This style of game is definitely a better choice for children. I’ve tried playing roleplaying games with my children, and, as a rule, they do not yet have the attention span or desire to play in a continuous game over multiple sessions. On the other hand, Happy Birthday, Robot! was simple, engaging, and then, it was over. This is a big deal, particularly to my children, who want to know what we’re going to play next.
At the same time, I think that children who have spent time playing Happy Birthday, Robot! will be better roleplayers. The skills required to play this game well are easily transferred to a full-blown roleplaying experience, and this can only be a good thing.
I should offer a word of caution. The game says that it is for players ages 10 and up. I’d say that’s about right. Players do need to have a basic grasp of sentence structure and the like. So, while Noah (age 6) enjoyed being involved in the game, I don’t think that he’s quite ready to be on his own yet.
I hope it’s clear that I really enjoyed this game. It’s the kind of game that I can play with my children, and I could even see getting it out to play with non-gamers some evening over drinks. I might even incorporate it into our homeschooling. I know that there are a lot of games out there demanding attention, but this one is definitely worth a second look.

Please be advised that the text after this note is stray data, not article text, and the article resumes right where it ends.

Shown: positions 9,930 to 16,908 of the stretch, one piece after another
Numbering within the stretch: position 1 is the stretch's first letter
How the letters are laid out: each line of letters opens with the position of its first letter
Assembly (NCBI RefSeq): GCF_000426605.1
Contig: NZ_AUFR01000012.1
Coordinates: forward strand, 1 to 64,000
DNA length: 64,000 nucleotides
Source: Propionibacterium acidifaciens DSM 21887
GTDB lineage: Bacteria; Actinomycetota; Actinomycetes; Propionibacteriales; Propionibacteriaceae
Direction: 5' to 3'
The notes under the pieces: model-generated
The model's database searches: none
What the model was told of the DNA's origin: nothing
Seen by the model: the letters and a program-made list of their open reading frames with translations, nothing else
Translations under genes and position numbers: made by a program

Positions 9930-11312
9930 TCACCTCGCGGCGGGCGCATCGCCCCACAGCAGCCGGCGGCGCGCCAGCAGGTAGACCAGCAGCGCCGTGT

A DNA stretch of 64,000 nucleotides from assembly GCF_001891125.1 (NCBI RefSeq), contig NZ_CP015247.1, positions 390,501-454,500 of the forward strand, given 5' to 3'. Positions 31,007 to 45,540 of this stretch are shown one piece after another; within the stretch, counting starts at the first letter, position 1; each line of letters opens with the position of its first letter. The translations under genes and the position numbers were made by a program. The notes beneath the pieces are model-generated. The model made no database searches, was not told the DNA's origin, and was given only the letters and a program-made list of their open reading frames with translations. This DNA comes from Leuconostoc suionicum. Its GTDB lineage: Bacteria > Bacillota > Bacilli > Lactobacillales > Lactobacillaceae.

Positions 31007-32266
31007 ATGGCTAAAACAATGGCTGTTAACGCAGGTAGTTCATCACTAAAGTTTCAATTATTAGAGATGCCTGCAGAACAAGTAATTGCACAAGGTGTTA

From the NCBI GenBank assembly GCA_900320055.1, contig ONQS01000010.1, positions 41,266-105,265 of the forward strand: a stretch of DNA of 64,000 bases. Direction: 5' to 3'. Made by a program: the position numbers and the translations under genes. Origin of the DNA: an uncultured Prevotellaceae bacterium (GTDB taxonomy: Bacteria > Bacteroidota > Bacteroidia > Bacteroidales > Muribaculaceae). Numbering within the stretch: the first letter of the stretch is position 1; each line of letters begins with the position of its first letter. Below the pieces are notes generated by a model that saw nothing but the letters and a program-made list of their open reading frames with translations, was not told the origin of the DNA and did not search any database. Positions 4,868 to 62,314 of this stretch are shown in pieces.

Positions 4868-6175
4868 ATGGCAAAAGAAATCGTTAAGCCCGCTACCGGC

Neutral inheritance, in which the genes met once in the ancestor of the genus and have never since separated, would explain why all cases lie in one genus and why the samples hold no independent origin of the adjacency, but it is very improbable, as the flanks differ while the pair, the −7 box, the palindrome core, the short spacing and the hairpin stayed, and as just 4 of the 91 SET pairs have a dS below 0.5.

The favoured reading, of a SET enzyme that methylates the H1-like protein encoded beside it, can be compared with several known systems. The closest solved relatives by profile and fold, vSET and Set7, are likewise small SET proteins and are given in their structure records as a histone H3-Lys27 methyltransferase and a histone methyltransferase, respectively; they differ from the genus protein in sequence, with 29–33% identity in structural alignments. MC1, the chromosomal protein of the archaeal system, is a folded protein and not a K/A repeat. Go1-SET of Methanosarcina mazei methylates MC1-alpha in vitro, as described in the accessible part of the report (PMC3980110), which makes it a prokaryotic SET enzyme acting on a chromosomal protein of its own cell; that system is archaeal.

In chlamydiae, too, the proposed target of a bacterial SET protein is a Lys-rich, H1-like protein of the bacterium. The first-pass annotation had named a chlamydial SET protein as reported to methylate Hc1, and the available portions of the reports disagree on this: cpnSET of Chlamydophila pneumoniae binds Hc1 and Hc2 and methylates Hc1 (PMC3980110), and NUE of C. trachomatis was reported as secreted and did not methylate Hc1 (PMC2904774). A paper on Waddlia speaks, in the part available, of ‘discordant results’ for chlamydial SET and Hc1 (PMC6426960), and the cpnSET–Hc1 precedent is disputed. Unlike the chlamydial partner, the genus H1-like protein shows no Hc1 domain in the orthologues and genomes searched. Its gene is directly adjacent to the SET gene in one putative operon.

I’ll put it like this: if you are a gamer with children, you should buy this game to play with them. If you are a gamer without children, I still think that you will enjoy this game. It’s light, frivolous, and highly entertaining.
 I’ve noticed that footnotes are totally the “in” thing these days, so I’m going to use some. HT: Rob Donoghue.
 On the other hand, it does cement my opinion that Fred Hicks is a pretty cool guy.
 Yes, I know that “tree house” is actually two words. Well, I know now, since spellcheck informed me of that fact. Oops.
 Look, I know that the whole issue of defining what is and isn’t a roleplaying game is somewhat complex. I also know that this analysis is somewhat incomplete, fairly broad, and full of holes and exceptions. Nonetheless, I think my general point stands. The fact that Happy Birthday, Robot! calls itself a storytelling game supports my point. Also, of the game I named, I’m aware that 1001 Nights is something of an edge case, since you’re roleplaying characters who are telling stories.
 This point applies to improv theater or other form of collaborative expression.